Tiger At The Gates

by Jean Giraudoux


London: Methuen & Company, 1955. First U.K. edition. 12mo (19x13cm), original black cloth with silver-lettered spine, in illustrated dust jacket. 84pp. Translated by Christopher Fry. Text in English. Unclipped dust jacket with minor foxing and edgewear. Occasional very minor foxing to pages, overall very good plus in very good dust jacket.
London: Apollo Theatre, 1955. 12mo (18,5×15,5cm), staple-bound. 8pp. Text in English. Folded once horizontally, with minor creases. Contents clean and remarkably untoned. Near fine.


Jean Giraudoux wrote the play La guerre de Troie n’aura pas lieu [The Trojan War Will Not Take Place, which was retitled to Tiger at the Gates by Christopher Fry] between autumn of 1934 and June 1935, at dawn of the Second World War. Giraudoux draws a parallel between the situation in Europe in the 1930s, where everyone saw a new war coming without really preventing it, with the Trojan War in Antiquity.

One war is over, another is imminent, in this dramatic situation places Giraudoux the action of his play. The play takes place in the days prior to the outbreak of the Trojan War and narrates the efforts of the military commander Hector, who tries to prevent the war from breaking out with the help of the Trojan women.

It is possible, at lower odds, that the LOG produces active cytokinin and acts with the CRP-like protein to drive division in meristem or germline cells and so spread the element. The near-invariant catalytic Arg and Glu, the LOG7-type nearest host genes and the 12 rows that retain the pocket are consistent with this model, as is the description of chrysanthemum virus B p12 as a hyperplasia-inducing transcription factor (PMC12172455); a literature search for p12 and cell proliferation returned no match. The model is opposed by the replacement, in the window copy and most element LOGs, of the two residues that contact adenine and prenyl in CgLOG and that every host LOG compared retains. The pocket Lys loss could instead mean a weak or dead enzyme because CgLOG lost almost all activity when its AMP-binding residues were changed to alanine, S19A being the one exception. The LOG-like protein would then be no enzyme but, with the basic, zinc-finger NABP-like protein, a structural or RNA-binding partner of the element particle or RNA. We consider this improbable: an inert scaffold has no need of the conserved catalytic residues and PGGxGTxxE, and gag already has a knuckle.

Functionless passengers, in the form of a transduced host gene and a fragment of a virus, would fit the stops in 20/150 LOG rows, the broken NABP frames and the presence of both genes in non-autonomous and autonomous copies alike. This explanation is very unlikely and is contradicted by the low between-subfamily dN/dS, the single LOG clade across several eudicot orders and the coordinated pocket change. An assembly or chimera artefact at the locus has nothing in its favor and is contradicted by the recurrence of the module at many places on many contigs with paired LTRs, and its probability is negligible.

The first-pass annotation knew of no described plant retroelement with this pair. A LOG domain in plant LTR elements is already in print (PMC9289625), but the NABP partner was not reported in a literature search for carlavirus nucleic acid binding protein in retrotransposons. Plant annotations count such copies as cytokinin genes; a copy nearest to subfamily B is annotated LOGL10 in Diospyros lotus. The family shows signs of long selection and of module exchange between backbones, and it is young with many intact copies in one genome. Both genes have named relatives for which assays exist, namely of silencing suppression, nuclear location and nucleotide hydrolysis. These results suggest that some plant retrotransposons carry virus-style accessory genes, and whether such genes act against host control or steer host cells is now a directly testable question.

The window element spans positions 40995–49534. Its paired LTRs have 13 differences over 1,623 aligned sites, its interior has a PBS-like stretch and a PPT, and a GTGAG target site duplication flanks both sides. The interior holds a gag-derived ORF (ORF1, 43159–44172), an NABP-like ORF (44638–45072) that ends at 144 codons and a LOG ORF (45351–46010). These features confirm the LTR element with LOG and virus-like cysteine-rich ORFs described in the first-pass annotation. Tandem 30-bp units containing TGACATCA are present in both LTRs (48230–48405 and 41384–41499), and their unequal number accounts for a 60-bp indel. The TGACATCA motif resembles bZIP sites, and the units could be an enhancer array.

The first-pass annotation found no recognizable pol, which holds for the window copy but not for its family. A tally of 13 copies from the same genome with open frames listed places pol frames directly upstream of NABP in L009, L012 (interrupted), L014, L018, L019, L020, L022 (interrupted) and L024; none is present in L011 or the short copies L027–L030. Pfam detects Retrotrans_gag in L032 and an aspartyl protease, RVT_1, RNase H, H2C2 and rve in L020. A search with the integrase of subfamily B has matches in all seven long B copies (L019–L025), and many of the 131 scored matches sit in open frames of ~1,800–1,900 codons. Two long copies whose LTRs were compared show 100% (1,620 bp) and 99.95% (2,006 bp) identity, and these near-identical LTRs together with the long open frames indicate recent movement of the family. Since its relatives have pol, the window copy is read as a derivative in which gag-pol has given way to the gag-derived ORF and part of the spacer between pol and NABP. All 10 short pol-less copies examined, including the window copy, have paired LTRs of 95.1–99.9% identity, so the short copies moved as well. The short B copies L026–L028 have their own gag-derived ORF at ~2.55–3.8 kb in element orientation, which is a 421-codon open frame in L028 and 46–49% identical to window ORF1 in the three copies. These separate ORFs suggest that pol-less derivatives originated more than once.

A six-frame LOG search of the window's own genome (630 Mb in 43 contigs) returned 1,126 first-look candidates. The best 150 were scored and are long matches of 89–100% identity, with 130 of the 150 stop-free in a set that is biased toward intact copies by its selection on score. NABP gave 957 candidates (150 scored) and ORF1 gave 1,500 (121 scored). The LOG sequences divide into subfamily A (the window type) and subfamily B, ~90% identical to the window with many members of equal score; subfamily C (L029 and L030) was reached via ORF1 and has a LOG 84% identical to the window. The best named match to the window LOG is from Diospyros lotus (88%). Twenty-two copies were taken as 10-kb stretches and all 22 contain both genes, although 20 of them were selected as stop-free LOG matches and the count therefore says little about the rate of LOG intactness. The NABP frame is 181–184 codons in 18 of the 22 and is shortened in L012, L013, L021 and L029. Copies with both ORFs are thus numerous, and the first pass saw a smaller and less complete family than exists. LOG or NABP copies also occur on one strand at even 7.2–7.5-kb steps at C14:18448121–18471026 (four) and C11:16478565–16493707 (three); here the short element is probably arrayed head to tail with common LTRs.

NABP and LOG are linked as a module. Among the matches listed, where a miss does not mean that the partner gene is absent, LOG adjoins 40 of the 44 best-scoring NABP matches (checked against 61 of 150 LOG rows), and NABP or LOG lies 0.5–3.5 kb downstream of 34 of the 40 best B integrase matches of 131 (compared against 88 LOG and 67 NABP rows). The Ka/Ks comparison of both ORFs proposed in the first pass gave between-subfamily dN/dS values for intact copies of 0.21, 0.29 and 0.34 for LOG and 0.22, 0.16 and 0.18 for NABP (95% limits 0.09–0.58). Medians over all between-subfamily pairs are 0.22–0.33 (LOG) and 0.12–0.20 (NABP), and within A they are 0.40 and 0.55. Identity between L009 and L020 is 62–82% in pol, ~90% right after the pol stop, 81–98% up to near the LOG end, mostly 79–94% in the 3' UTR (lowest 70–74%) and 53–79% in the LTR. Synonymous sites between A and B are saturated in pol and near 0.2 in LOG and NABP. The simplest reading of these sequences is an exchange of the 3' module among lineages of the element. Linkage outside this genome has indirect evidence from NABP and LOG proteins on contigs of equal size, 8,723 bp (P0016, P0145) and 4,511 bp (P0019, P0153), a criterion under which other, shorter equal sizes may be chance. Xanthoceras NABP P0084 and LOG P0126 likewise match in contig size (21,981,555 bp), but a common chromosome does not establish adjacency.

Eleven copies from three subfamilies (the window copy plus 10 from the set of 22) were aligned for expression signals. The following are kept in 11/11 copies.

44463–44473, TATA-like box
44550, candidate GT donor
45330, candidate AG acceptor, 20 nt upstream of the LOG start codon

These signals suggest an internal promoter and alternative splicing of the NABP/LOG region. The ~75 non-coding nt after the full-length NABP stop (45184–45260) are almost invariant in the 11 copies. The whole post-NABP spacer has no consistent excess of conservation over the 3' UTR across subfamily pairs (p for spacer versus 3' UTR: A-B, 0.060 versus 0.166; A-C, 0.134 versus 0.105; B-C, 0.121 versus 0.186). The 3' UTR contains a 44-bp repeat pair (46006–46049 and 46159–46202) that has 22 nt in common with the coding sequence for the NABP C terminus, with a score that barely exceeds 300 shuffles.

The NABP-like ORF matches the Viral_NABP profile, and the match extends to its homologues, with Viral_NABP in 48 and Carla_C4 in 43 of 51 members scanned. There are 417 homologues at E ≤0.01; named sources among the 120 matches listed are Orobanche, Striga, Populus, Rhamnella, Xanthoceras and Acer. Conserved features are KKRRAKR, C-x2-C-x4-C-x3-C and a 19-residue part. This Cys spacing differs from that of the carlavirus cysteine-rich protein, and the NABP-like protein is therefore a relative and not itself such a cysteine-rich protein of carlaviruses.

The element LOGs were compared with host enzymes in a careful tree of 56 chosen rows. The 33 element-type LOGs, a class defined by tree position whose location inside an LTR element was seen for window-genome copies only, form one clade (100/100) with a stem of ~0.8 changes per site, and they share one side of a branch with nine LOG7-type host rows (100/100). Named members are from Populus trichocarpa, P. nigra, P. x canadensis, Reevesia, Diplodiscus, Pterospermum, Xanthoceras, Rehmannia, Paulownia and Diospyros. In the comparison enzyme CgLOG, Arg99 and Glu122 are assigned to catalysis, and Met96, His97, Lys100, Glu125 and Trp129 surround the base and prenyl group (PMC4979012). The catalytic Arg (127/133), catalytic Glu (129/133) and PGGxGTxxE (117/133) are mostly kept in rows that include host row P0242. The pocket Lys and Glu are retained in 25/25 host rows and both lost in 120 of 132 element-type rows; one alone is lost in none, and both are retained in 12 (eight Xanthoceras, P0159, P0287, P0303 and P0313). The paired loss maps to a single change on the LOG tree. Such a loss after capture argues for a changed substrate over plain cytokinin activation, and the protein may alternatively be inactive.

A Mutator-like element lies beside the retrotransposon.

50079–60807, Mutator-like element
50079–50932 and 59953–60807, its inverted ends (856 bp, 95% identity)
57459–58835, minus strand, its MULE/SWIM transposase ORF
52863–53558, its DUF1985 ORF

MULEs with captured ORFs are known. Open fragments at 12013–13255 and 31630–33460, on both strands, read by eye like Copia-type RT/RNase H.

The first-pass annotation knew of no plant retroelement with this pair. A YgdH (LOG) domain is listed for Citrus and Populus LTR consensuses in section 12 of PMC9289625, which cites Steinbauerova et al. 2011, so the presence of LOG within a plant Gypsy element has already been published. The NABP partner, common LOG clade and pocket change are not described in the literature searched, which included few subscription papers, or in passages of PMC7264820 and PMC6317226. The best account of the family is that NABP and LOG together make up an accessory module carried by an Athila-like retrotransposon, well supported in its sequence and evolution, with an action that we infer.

In 1952, eight years after Giraudoux’s death, Chris Marker wrote about Giraudoux’s work and life for Édition du Seuil’s series Ecrivains de toujours, entitled Giraudoux par lui-même. In the book, Chris Marker coined the term Generation Giraudoux, a pre-war generation born around 1920 to which he also felt attached to. Marker, who was highly influenced by Giraudoux, stated that for Giraudoux imagination was such an important part of reality, that to deprive oneself of its services seemed to him the worst alienation. Sartre, on the other hand, accused Giraudoux of being unrealistic, and of denying reality.

In occupied France, Giraudoux’s behavior was often contradictory and led to cracks in his public image, but the Generation Giraudoux didn’t let go of him, for the good reason that for this generation the Third World War became possible, which Marker processed in his legendary film La Jetée. Marker described Giraudoux, who got caught up eventually in the net of politics, as a “political idiot, a blind man who looked after everything on the undermined planet“, but also a “literary type who has set himself the goal of leading people to a human world“.

Tiger at the Gates is the first English edition, translated by the English poet and playwright Christopher Fry, with a stunning cover design by Loudon Sainthill, who also was the set and costume designer of the Play. The book also includes the original theater programme of the premiere in 1955 at the Apollo Theatre in London, directed by Harold Clurman.

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